I had a really difficult week last week; one of my old friends from university, she suffered from depression for a long time, and I had lost contact with her for years before she found out what I was doing with Mind. She told me that when we were younger, she tried to take her own life. She got back in a difficult place last week, and even now she didn’t want to talk to anyone, just me. She trusted me. I spent two nights on the phone, being silent most of the time, just being on the other end so she wouldn’t do anything. And finally she said, “Thank you for listening, I’m going to go speak to someone.”

I found that a hugely traumatic and triggering experience. I can empathize, but actually my skills are in campaigning, fundraising, advocacy, not necessarily counseling, but I will always do my best for people. Does that make sense? … I was looking into training for the Samaritans, and a friend said, “It’s not for you.” After last week, I said, “My God, you’re so right.” Someone like you or me, we’re too tempted to draw on our own experience, but each person’s experience is totally different. We can empathize, but that’s actually as much as we can do. The key is knowing where and how to signpost. Every week without fail, I get calls and messages from friends saying, “I have a friend with a problem” … and I signpost them to relevant people. That’s the best advice I can give them.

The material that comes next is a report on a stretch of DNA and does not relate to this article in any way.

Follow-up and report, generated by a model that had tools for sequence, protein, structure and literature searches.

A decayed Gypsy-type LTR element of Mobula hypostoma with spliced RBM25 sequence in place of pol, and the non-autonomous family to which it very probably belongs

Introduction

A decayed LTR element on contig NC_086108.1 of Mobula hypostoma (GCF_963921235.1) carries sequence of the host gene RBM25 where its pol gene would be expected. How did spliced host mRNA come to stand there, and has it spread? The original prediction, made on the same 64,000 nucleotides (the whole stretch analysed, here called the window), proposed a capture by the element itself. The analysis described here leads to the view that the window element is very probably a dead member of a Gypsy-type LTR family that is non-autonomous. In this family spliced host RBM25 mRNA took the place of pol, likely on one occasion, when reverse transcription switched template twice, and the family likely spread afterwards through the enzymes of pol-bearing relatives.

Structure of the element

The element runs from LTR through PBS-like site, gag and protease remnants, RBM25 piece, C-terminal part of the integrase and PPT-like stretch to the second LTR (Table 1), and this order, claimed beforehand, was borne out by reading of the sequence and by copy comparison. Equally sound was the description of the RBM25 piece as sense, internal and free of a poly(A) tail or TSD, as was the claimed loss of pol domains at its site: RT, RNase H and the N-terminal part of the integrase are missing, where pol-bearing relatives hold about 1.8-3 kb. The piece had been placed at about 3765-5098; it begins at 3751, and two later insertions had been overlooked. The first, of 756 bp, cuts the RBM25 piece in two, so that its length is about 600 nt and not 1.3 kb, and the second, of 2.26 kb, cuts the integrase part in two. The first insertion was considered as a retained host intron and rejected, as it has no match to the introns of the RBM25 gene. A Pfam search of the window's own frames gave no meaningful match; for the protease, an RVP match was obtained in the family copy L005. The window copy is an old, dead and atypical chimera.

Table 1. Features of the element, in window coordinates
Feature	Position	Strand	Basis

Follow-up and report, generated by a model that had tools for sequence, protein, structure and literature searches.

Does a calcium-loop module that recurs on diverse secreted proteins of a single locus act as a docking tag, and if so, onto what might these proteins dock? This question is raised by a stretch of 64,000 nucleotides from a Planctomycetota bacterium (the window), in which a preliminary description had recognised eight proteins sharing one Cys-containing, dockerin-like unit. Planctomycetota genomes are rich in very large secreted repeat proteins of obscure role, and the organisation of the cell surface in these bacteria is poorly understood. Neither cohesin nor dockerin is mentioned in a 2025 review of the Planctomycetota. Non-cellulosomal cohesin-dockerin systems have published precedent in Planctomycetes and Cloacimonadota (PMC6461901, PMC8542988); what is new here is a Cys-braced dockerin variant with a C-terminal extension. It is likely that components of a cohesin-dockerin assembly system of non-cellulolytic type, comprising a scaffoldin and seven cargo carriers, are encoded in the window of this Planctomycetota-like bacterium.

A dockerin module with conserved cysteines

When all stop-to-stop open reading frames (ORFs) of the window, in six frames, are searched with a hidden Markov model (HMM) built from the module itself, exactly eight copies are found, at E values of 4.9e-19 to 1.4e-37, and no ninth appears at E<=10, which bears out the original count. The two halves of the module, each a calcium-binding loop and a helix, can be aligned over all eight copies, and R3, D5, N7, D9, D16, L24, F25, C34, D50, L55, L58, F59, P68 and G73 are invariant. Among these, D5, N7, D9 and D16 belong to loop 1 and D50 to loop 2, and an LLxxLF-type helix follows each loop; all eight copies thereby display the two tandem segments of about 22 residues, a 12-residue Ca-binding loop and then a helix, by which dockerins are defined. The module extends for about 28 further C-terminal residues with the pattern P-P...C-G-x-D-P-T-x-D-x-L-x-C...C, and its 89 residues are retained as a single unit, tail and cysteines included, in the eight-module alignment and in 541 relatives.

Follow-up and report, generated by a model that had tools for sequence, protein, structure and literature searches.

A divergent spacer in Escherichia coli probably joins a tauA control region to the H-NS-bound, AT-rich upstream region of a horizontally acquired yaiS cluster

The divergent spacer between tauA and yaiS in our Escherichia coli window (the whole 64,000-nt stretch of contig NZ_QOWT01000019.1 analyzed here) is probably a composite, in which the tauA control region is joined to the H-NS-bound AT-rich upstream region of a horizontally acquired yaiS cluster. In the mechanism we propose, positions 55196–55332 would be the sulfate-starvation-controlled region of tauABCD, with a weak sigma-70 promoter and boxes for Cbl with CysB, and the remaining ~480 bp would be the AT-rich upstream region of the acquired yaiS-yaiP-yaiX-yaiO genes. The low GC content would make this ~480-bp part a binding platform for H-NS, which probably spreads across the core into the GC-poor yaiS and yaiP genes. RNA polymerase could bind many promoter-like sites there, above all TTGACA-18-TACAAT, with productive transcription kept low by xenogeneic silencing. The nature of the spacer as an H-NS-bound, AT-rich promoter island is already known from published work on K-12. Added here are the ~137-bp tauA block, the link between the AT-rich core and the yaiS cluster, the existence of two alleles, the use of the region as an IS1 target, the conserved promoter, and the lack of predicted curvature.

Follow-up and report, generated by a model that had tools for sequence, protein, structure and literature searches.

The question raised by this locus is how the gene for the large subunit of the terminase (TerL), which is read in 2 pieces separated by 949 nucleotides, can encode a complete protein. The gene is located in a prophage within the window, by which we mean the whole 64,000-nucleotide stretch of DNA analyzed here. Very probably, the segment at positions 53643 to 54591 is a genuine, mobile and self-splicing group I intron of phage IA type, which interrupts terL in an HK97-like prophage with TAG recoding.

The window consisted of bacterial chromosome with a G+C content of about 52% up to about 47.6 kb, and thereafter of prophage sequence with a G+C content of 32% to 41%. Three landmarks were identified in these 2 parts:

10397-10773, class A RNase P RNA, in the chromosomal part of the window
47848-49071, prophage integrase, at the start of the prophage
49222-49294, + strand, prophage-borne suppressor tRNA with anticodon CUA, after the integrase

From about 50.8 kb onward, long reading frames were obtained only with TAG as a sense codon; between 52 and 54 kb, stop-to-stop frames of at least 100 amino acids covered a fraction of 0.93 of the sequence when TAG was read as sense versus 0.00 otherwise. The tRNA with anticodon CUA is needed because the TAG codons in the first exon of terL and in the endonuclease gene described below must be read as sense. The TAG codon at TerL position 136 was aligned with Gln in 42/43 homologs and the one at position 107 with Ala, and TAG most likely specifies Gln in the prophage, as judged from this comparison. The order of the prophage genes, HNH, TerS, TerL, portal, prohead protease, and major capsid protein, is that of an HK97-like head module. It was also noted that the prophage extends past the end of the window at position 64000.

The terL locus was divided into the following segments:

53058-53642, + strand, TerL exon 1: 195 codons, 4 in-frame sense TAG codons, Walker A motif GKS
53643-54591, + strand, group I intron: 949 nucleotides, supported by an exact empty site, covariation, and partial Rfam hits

What’s your take on peer support?